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State Supreme Court suspends Delafield attorney’s license

The Wisconsin Supreme Court has suspended the law license of a Delafield attorney for mishandling client money for years.

Delafield attorney Thomas McClure graduated from Marquette University Law School in 1980. He has not previously been professionally disciplined.

McClure could not be immediately reached Tuesday.

Tuesday’s discipline stems from an Office of Lawyer Regulation complaint filed Sept. 26 that alleges McClure had committed 21 counts of misconduct. The complaint detailed how McClure took money from clients’ trust accounts, misrepresented client fees and failed to explain fees to new clients.

During the OLR’s investigation, McClure’s attorney wrote that his client mixed money from his accounts and used it for client, business and personal expenses because McClure had not had support staff since 2005.

““Unfortunately, he became overwhelmed attempting to balance the demands of doing professional quality legal work for his clients … and attending to the everyday details of running an office,” the attorney wrote.

The OLR, in its complaint, had asked that the court suspend McClure’s license for two years, and a referee had recommended that it be suspended for six months.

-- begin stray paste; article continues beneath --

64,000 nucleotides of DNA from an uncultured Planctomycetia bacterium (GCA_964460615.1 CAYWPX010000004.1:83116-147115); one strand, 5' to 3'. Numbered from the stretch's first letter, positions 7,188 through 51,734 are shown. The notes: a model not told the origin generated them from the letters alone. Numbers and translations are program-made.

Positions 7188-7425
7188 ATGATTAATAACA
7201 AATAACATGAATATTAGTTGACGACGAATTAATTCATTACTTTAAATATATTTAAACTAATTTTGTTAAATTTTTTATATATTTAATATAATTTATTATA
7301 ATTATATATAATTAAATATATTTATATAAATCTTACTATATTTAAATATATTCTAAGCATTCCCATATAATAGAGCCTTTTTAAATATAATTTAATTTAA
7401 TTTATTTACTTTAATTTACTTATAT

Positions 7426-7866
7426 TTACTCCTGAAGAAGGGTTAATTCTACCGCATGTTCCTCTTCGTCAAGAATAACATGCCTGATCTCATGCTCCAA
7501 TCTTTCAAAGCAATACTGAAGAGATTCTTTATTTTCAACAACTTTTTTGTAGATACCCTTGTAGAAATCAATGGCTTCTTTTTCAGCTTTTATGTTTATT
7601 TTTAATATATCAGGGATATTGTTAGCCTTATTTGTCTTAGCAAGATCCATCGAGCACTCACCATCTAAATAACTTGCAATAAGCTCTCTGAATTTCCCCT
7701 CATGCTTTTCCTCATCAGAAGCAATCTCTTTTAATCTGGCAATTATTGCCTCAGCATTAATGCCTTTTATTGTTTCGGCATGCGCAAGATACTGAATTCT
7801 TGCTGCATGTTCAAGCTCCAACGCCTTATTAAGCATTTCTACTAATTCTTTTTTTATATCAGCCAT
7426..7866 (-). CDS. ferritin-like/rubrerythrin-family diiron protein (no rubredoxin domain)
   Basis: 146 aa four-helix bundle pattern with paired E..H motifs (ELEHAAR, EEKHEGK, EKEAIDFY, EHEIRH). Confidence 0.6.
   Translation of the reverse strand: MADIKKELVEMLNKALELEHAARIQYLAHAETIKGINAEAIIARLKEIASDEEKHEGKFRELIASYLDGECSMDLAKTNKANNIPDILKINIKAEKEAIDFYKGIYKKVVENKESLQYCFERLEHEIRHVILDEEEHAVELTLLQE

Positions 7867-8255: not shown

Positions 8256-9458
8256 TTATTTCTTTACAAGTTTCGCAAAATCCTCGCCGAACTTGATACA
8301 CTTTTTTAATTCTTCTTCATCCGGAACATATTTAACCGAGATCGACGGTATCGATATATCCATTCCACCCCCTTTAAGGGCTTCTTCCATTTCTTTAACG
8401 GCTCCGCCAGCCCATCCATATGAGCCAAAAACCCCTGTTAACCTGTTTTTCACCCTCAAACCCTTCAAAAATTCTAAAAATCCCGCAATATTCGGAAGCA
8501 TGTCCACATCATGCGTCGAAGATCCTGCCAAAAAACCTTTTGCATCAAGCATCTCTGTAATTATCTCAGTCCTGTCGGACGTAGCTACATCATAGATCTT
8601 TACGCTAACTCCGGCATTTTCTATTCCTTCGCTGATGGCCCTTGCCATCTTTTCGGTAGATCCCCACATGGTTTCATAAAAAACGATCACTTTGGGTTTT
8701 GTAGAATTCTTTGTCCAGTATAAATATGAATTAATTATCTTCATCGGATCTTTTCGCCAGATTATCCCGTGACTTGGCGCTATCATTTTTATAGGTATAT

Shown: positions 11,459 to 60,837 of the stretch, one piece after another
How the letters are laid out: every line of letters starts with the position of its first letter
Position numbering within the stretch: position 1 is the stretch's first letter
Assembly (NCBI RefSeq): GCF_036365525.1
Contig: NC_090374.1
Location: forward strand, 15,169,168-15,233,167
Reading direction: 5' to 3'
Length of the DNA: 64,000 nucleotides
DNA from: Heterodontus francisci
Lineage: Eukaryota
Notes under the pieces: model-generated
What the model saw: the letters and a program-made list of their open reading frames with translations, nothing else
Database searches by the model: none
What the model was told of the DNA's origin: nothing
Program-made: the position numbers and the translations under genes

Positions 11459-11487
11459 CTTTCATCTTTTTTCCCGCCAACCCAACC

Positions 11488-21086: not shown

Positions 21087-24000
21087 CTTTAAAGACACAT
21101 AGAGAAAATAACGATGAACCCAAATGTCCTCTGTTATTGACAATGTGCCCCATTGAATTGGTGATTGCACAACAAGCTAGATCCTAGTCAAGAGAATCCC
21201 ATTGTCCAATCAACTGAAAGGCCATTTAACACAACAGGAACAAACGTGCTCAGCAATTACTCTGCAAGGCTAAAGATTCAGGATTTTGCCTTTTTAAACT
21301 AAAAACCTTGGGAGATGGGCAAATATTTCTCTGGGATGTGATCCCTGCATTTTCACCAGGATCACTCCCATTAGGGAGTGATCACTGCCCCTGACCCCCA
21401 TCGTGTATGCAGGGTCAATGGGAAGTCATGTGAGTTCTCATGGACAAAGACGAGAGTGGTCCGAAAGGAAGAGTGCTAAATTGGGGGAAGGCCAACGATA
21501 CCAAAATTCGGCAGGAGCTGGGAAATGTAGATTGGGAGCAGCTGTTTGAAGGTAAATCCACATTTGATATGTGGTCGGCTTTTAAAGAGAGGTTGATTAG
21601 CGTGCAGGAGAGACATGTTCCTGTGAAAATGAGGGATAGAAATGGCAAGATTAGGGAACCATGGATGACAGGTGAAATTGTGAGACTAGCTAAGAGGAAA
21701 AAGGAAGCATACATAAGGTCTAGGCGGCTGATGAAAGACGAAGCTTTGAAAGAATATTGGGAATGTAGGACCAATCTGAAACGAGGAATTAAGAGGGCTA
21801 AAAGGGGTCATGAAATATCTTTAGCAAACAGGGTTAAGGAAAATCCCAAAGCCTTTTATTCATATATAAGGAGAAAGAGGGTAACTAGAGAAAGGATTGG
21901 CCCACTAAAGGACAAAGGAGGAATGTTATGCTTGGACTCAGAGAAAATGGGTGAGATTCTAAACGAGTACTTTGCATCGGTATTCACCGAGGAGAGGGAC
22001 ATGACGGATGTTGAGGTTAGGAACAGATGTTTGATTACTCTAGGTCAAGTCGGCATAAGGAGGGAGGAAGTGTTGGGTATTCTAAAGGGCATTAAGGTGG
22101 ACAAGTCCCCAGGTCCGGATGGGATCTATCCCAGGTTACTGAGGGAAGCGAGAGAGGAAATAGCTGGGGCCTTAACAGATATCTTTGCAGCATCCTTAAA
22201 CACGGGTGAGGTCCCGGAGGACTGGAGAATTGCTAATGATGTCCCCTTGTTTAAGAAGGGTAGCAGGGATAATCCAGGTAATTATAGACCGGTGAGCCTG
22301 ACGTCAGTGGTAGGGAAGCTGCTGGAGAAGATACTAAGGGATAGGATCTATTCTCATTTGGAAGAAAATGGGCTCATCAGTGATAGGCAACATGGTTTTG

The court disagreed and instead ordered that McClure’s license be suspended for five months.

According to the court’s decision, the justices chose to suspend McClure’s license for less time than requested because he had no prior discipline, no clients or medical providers lost money and the referee found him to be remorseful. The court also noted that McClure faced “a multitude of personal problems during the time period at issue in this case.”

The justices also noted that “there was perhaps an element of overcharging, or at least parsing the misconduct into more counts than was truly warranted.”

According to the opinion, the court concluded that the five month suspension will “sufficiently protect the public from similar misconduct” and “impose upon Attorney McClure the gravity of his offenses.” It noted that McClure’s discipline is consistent with sanctions imposed in a similar situation.

The court also ordered that McClure complete 15 hours of continuing legal education ethics courses with at least eight of those hours focusing on trust account administration. The justices also ordered him to pay $13,677.99 for the proceeding.


About Erika Strebel, erika.strebel@wislawjournal.com

Erika Strebel is the law beat reporter for the Wisconsin Law Journal and a law school student at UW-Madison. She can be reached at 414-225-1825.

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